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Royal Armoured Corps

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A Challenger 2 tank at Lulworth Ranges, Dorset, 2016

Origins

The Royal Armoured Corps (RAC) was formed on 4 April 1939, just months before the outbreak of the Second World War (1939-45). This makes it one of the younger corps in the British Army.

However, it is also unique in that it was not formed by amalgamating existing corps into a single overarching unit. Instead, it was the umbrella for a large number of existing regiments, each of which retained their individual unit identity. These regiments were mainly former cavalry units, most of which had mechanised in the 1920s and 1930s.

The RAC also included the battalions of the Royal Tank Regiment, previously known as the Royal Tank Corps. The Reconnaissance Corps was also part of the RAC from 1944 until its disbandment in 1946.

Cap badge, Royal Armoured Corps, 1942

A Sherman Firefly tank, 1944

RAC today

Since 1939, RAC units have served in nearly all of the Army’s campaigns.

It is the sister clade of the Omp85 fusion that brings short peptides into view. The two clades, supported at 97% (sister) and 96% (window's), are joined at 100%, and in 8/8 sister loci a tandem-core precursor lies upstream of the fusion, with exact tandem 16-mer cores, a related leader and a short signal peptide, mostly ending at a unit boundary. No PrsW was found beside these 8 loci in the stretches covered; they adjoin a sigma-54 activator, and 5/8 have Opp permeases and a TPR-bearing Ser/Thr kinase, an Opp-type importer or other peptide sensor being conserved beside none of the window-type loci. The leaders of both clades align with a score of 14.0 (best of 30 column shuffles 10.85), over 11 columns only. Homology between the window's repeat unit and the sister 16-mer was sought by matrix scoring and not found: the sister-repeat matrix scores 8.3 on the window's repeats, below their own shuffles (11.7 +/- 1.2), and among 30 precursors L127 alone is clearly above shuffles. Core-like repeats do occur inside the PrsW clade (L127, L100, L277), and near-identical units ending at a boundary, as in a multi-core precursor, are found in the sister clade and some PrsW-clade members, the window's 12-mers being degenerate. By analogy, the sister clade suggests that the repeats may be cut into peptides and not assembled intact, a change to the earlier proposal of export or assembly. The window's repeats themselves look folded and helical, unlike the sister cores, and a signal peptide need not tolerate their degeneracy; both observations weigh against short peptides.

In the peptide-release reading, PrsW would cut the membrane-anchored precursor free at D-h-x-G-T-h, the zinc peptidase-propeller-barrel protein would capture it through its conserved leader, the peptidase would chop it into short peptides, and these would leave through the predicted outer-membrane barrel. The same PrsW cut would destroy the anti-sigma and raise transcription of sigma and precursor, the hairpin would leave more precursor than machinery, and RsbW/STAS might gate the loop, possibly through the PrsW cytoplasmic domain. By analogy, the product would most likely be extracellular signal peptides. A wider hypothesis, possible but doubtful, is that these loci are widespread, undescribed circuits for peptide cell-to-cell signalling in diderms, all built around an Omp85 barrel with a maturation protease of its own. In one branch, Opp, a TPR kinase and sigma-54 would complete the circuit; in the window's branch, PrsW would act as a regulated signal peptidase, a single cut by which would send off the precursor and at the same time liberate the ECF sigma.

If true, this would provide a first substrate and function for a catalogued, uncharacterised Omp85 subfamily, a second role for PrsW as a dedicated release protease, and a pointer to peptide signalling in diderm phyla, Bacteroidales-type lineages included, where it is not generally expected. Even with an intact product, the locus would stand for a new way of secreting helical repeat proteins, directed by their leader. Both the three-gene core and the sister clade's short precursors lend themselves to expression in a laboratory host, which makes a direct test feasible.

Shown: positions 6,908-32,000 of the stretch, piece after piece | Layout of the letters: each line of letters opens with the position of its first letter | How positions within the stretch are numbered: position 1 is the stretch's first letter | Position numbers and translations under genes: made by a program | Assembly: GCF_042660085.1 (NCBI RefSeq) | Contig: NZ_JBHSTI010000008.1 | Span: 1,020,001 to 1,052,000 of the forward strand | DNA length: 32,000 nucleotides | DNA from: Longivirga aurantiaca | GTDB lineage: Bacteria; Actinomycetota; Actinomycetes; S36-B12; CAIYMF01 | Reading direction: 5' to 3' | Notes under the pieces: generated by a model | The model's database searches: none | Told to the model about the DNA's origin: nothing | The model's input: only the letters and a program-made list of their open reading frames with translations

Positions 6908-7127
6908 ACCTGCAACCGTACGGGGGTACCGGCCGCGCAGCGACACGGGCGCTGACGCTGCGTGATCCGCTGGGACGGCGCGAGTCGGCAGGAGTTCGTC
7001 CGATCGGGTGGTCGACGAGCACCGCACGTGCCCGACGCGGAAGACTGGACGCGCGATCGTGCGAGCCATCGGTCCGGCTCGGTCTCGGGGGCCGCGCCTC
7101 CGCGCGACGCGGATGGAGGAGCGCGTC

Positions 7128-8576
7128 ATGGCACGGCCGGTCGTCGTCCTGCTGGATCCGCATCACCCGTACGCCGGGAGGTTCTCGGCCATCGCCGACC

The RAC now includes ten regular and four yeomanry regiments, operating both as main armour and reconnaissance. These units use a variety of vehicles, including the Challenger II battle tank and the Scimitar and Spartan armoured reconnaissance vehicles.

Mk 1 Tank crew helmet, Royal Armoured Corps, 1942

A Scimitar CVR(T) light reconnaissance tank, 2011

Regimental museums

The National Army Museum works with a network of Regimental and Corps Museums across the UK to help preserve and share the history and traditions of the Army and its soldiers.

Discover more about the Royal Armoured Corps by visiting The Tank Museum in Bovington.

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